Despite Berkshire Hathaway’s modest performance over the last decade, Warren Buffett has a lot of fan following. Many investors would want to follow the legendary investor’s investment style. But then, looking at Berkshire Hathaway’s portfolio, there is no secret recipe of stock selection. While I have used the word “stock” Buffett sees them as companies!
There are literally no rocket science companies in Warren Buffett’s portfolio, but the boring banks and consumer product companies. Apple may be an exception as it may appeal to millennials and baby boomers alike. To sum it up, Warren Buffett’s stock picks have been ordinary companies and many of us would have them in our portfolio. So, what separates Buffett from other fund managers who supposedly use advanced stock screening tools to invest.
Warren Buffett hasn’t followed the herd. He did not jump into tech shares in the 90s although that meant short term underperformance. But then, as the dot com bubble burst, Berkshire outperformed the markets in 2000. Last year also, Warren Buffett preferred to sit on cash even as US stock markets surged to record highs. Many of us knew that valuations were getting ahead of themselves but no one wants to miss the rally even if it’s the last leg. Fund managers are judged by their returns versus the index. Sitting on cash in a rising market is a sure shot way to underperformance. But then, unperturbed by short-term underperformance, Warren Buffett choose to play it safe.
One of Warren Buffett’s famous quote says, “Be fearful when others are greedy and greedy when others are fearful.” Again, it’s easier said than done. A lot of us buy the boom and sell the bust while it’s the opposite that we should be doing. Time horizon is again something that sets Buffett apart. For Buffett the holding period is forever. This however does not mean that he does not sell stocks. This means that you should not panic if a stock you own falls in the short-term. While quarterly earnings make good news, look at the bigger picture. A quarter or two of performance should not guide your investment decisions. Mentally, you should think like business owners. But then not many of us actually think like business owners. Also, not many of us go through annual reports to understand the business.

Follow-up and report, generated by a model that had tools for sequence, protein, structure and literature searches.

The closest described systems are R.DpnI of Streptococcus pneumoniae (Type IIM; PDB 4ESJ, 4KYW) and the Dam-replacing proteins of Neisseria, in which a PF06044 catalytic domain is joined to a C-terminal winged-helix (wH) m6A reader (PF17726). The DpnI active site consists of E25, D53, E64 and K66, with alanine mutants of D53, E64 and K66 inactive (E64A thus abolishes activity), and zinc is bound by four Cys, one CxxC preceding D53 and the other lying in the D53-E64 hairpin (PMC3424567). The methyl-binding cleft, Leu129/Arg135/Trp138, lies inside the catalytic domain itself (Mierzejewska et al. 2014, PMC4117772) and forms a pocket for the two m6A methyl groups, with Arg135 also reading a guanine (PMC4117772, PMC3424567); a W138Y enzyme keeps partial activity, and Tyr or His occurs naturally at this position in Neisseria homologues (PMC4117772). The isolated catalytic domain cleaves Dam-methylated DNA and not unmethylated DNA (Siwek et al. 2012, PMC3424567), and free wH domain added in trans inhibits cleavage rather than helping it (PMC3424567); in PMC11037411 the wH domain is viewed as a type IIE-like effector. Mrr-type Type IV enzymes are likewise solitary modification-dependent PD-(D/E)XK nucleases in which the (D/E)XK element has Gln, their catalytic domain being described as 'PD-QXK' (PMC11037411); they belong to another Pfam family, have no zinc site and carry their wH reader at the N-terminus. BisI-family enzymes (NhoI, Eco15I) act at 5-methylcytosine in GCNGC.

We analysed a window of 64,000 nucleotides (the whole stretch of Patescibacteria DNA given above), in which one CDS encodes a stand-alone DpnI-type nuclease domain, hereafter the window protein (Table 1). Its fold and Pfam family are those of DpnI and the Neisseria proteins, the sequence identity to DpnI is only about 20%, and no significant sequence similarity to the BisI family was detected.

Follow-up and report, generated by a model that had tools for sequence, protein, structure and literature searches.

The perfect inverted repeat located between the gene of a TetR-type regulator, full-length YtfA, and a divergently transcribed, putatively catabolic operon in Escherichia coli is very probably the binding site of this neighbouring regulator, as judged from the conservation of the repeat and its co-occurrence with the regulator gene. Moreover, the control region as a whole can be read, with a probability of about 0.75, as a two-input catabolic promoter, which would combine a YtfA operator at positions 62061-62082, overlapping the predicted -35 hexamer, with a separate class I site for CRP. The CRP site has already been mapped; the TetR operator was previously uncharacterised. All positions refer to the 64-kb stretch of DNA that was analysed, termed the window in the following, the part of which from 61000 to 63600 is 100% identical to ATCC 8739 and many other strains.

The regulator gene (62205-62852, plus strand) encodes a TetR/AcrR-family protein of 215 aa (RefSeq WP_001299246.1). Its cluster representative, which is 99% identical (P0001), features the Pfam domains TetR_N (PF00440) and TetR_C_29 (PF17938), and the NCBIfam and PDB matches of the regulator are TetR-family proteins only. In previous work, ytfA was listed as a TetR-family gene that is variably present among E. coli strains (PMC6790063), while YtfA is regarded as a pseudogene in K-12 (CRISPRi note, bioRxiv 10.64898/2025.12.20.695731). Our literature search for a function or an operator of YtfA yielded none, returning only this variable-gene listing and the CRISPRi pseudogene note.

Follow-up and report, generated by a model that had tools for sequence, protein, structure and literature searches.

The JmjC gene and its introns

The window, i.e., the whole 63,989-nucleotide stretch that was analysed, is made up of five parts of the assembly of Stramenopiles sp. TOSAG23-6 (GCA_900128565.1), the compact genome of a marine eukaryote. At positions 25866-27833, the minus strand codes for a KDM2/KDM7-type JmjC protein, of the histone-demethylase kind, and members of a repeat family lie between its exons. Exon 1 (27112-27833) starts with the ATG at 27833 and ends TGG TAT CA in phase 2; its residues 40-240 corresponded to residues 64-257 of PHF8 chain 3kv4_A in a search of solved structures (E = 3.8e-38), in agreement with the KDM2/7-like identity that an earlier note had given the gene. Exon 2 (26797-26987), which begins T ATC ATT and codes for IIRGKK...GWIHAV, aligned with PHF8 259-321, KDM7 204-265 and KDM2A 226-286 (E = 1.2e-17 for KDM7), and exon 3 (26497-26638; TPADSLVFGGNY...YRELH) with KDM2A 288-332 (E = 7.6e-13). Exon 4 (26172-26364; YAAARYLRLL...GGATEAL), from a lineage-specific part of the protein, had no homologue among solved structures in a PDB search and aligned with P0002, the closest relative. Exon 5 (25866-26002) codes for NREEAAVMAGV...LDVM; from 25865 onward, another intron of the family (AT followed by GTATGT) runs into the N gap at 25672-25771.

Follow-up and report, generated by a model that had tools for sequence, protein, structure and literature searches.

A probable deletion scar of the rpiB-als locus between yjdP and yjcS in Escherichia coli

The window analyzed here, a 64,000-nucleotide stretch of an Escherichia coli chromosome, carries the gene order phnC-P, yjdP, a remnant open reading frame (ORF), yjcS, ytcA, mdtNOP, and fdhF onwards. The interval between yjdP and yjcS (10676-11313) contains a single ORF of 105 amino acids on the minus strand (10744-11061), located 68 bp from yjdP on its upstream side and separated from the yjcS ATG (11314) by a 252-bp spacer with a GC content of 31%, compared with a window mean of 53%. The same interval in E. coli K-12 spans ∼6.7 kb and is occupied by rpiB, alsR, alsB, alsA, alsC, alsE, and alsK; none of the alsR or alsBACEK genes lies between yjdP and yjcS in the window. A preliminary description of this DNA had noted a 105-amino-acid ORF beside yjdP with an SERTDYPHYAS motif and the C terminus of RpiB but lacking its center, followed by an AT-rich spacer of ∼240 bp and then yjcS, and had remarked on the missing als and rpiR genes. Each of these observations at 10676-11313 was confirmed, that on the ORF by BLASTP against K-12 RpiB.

Warren Buffett does not worry about short-term underperformance and is humble to admit mistakes. His investment strategy is to invest in business that he understands. Again, not many of us want to understand the business before investing. While its not rocket science but somewhat boring and time consuming. Again, Buffett has his own way of valuing stocks and looks for “margin of safety.” The valuation is based on a long-term horizon and not the typical one year forward multiples that many of us look at. For earnings too, while many of us are impressed by numbers like EBITDA and adjusted EBITDA, Buffett looks at owner earnings. Buffett hasn’t used very kind words for metrics like EBITDA. But then, it’s the favorite metric for some analysts and investors. Again, how many investors look deep into earnings to understand the various “adjustments.”
To sum it up, following Warren Buffett is not tough. It would however require a change in our temperament. While you need now know every company and business, invest in companies that you understand. Finally, don’t let the short-term volatility guide your investment decisions.
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